Heat can also decrease a battery's lifespan significantly. Hot weather causes liquids inside batteries to evaporate as well as internal damage. This can occur whether you are driving or if the car is parked. The magazine recommends that vehicle owners in hotter parts of the country have their car battery tested after two years of ownership and then every year after. Those who live in colder areas can wait four years after buying a car to test performance and capacity, then every year after.
When you pop the hood and look at the complicated mechanical devices called engines, you notice right away there's plenty of wiring. In fact, the wires seem to snake around the engine in a complex configuration that makes little sense to anyone who is not a mechanic. Auto engines have plenty of electrical configurations that are critical to their smooth operation. The fact is that when a car experiences problems, it could easily be an electrical problem as much as it could be a mechanical problem. Any qualified mechanic needs to be familiar with both mechanical and electrical problems in order to be efficient at his or her job. That means a mobile car mechanic must be prepared to complete a variety of repairs including those related to the electrical systems.
Replacing a Faulty Switch: Locate the window switch panel. This is the button used to operate your window. It is almost always on the door, however, they are rarely found on the center console. Remove the window switch panel. Be careful not to scratch up the door panel while removing the window switch, as it often requires prying. Using a shop rag or piece of cardboard under your prying tool can help. Unplug the wiring connectors from the switch. You will need to test these connectors to make sure that they are providing the appropriate 12 volts to your switch.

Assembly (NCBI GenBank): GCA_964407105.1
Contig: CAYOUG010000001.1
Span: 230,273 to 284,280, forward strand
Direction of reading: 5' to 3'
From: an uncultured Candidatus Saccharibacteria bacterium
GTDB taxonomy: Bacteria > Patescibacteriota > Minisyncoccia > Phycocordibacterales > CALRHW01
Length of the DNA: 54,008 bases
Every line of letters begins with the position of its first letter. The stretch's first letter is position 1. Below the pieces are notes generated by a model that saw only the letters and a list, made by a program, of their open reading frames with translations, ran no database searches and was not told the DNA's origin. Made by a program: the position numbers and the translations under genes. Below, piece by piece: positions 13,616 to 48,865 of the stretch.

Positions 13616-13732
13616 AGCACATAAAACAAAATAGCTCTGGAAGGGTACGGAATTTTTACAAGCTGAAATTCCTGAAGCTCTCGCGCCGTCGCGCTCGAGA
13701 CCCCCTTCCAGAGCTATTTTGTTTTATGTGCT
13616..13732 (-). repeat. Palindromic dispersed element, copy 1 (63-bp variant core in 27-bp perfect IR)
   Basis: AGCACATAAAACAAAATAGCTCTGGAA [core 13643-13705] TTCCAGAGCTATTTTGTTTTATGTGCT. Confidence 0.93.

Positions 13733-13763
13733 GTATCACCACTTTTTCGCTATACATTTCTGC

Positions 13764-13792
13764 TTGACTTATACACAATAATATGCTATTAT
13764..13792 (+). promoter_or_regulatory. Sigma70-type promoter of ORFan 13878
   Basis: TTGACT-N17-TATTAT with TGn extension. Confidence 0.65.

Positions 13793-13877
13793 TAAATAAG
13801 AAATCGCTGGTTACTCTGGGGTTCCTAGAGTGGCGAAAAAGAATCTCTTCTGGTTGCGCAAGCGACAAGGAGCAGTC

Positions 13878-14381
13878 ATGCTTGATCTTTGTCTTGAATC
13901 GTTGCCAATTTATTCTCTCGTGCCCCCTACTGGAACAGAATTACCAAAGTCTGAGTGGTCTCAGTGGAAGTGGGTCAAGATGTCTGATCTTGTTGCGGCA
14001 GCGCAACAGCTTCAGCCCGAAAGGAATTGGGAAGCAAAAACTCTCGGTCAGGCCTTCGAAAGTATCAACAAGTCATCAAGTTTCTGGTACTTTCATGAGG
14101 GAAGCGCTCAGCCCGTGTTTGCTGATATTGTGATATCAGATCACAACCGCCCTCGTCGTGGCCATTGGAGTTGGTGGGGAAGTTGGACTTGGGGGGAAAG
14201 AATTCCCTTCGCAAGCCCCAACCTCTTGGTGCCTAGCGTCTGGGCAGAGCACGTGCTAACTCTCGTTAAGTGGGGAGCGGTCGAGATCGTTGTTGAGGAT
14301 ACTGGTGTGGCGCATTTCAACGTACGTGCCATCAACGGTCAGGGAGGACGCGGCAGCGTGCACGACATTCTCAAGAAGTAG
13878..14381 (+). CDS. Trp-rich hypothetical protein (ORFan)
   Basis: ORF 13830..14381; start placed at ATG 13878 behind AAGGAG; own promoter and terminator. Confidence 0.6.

Bulbs, though, are probably No. 1 on the replacement list because they're used so much and because there are so many of them. Most cars, for example, have at least three bulbs and usually more on each side for brakes, taillights, backup lights, turn signals and side marker lights. In front, there are headlights, maybe separate high beams, frequently daytime running lights and fog lights, turn signals, "parking" lights and side markers. Chances are that over time at least a couple of those will burn out or stop working because of corrosion or excessive jostling from rough roads.